British and Irish iGaming behemoth Flutter Entertainment has reportedly filed an appeal with the United States Supreme Court in an attempt to overturn a controversial 2015 judgement that saw it hit with a fine now worth around $1.3 billion.

According to a Saturday report from the online news domain at, the action from the London-listed firm follows last year’s Kentucky Supreme Court decision that upheld an earlier Franklin Circuit Court ruling that came with a stiff $870 million penalty. This punishment, which has since ballooned due to accrued interest and charges, was handed out after Flutter Entertainment was adjudged to have run its PokerStars online poker service in ‘The Bluegrass State’ from 2006 to 2011 in direct violation of a federal prohibition introduced under the Unlawful Internet Gambling Enforcement Act (UIGEA).

Disproportionate decision:

Flutter Entertainment reportedly filed a ‘writ of certiorari’ with the United States’ highest court late last month and is alleging that the damages awarded to the state of Kentucky are excessive. The operator purportedly intends to contend that the initial $870 million penalty was accessed using antiquated social assumptions contained within an 18th Century law known as the Loss Recovery Act, which had previously not been employed for over 60 years.

Ambiguous application: reported that the United States Supreme Court must now decide whether it will hear the appeal being sought by Flutter Entertainment, which took over the legacy of the PokerStars online poker service in May of last year after completing its all-share merger with Canadian compatriot The Stars Group Incorporated. However, the source detailed that an ultimate decision is expected in around one month’s time while warning that the nine-member body typically only agrees to undertake a small proportion of the thousands of cases that are annually filed.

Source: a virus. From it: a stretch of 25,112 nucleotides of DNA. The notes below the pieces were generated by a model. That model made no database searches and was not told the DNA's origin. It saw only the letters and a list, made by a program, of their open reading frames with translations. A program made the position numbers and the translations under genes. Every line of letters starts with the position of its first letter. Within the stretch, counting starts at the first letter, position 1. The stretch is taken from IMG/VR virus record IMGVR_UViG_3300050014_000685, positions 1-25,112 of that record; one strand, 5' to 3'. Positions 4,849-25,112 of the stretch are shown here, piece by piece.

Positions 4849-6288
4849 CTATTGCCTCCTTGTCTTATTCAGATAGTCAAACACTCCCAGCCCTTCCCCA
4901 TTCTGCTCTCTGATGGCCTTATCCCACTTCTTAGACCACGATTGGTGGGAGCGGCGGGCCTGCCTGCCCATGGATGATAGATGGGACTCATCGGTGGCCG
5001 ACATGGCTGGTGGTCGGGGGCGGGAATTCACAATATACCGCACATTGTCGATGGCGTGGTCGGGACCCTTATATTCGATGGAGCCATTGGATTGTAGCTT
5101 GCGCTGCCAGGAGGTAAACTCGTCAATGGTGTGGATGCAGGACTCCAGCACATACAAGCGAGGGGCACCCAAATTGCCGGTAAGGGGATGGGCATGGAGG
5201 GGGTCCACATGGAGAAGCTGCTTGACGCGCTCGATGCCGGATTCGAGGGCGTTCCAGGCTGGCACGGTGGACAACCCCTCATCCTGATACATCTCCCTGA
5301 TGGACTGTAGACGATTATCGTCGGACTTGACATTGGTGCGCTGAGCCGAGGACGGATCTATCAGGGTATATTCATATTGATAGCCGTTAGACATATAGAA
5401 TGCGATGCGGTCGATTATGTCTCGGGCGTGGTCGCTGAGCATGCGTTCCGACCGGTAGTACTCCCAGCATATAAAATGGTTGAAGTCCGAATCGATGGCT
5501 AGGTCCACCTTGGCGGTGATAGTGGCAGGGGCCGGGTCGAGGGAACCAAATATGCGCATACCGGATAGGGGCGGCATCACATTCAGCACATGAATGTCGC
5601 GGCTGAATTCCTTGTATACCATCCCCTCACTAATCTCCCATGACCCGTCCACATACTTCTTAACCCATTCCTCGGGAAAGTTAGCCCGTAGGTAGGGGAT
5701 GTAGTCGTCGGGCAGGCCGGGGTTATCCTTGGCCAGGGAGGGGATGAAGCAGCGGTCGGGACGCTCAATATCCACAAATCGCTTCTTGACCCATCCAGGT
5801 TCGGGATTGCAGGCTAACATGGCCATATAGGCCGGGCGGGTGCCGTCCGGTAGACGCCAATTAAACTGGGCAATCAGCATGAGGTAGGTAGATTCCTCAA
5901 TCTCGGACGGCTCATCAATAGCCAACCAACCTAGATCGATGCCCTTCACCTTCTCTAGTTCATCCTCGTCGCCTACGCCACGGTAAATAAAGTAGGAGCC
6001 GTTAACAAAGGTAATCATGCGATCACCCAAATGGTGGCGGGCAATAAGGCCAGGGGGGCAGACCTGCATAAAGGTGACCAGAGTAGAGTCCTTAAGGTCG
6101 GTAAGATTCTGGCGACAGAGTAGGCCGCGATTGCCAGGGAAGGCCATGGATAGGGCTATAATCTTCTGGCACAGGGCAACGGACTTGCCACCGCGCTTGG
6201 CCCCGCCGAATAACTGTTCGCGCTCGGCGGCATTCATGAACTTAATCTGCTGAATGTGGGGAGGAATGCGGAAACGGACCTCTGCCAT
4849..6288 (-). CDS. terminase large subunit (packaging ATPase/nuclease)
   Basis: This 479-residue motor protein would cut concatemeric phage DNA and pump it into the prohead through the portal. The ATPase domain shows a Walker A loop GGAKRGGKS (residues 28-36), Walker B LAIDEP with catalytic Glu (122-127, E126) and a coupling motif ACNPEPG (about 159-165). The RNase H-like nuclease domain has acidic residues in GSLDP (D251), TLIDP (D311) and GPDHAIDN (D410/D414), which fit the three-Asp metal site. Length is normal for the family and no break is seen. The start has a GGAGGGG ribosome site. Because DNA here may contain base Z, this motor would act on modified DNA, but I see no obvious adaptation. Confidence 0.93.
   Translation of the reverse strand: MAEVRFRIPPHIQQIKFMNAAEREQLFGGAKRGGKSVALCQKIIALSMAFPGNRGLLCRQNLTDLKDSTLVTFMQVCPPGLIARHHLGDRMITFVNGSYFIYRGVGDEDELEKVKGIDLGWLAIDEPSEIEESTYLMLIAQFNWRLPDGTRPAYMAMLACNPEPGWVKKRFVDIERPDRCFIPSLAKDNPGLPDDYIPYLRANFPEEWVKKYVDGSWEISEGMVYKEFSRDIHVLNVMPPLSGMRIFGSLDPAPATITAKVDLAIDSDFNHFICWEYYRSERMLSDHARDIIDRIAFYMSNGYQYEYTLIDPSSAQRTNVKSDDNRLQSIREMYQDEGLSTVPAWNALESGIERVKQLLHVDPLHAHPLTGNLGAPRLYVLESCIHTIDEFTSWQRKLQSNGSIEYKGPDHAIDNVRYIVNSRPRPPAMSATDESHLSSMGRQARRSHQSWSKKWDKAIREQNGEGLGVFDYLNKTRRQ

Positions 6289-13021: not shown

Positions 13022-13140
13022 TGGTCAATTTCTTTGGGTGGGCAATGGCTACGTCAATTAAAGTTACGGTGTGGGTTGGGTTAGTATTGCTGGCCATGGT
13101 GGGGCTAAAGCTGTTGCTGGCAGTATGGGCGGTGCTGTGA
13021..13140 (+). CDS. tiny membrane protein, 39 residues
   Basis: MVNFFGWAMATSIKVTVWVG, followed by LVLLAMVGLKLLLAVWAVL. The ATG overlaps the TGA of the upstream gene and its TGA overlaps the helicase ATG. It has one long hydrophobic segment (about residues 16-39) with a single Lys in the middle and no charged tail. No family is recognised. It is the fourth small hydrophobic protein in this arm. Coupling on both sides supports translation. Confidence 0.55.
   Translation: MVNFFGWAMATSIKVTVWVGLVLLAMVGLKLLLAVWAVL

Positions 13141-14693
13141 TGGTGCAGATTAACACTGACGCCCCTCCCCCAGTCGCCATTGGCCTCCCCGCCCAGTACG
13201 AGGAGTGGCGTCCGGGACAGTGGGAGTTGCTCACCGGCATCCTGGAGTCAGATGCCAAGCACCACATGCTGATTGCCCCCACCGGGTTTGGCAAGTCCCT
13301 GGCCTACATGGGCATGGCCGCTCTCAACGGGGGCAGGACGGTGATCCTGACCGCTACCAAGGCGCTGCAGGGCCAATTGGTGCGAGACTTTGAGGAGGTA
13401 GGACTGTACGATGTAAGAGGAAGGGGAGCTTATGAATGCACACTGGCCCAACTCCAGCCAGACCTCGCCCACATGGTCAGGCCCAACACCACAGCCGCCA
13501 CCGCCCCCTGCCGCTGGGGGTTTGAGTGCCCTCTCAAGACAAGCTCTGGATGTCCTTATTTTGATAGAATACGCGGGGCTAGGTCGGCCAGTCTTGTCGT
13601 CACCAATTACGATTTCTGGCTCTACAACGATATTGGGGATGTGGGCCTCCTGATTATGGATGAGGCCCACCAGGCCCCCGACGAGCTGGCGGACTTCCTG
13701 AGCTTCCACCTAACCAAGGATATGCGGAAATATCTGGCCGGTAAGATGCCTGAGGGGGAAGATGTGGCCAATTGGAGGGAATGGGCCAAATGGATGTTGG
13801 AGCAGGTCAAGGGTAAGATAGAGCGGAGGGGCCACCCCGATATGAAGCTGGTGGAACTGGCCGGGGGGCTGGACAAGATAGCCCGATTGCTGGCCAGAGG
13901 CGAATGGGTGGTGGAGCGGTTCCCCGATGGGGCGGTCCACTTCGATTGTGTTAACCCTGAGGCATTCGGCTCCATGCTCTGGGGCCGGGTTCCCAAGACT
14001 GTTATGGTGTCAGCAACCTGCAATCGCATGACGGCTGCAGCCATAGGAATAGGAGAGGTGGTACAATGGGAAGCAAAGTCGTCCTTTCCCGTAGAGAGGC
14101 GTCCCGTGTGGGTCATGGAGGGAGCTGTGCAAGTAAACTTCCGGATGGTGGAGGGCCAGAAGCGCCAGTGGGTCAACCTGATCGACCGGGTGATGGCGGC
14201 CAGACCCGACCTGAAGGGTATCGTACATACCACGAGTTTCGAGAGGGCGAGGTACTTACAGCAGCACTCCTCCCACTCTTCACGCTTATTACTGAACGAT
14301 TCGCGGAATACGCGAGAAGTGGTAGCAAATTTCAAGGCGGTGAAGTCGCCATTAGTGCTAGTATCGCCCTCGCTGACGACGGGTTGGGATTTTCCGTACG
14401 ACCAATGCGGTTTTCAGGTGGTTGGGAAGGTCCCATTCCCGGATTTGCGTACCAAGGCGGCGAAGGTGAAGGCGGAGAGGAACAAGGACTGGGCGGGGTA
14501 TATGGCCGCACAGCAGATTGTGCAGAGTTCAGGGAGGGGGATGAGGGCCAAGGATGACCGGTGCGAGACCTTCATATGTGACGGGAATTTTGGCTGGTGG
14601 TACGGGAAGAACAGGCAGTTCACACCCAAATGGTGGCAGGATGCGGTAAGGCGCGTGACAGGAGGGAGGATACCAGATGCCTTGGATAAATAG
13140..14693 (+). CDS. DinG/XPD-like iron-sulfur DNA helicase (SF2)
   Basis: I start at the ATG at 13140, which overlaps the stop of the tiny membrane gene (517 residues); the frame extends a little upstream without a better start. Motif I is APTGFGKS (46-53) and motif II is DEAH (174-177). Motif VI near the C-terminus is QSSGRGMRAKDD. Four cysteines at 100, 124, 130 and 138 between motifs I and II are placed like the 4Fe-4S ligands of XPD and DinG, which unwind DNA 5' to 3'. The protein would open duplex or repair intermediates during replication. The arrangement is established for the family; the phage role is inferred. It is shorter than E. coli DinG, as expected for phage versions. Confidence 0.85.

Reportedly reads the writ from Flutter Entertainment…

These monstrous damages cry out for this court’s review. Even in matters of state concern, the United States Supreme Court applies constitutional brakes to ‘damages that run wild‘. In cases involving punitive damages, this court has repeatedly admonished that awards exceeding actual harm by more than a single-digit ratio likely violate the Constitution.”

Insincere insistence:

Flutter Entertainment reportedly moreover asserted that Kentucky is being hypocritical in claiming that PokerStars had caused immeasurable damage and human suffering by illegally operating in the southern state. The operator’s writ purportedly proclaimed that the service had ‘accounted for only a tiny fraction of the gaming’ that had occurred in the jurisdiction of roughly 4.5 million people with much of this activity being dominated by the Kentucky Lottery.

Reduced retribution: finished by reporting that the state of Kentucky has already seized an associated $100 million bond earlier posted by Amaya Incorporated, which rebranded as The Stars Group Incorporated in 2017, with Flutter Entertainment now hoping to get its final penalty lowered to an amount more commensurate with the roughly $18 million in rake it chalked up from players in the jurisdiction during the 54-month period covered by the lawsuit.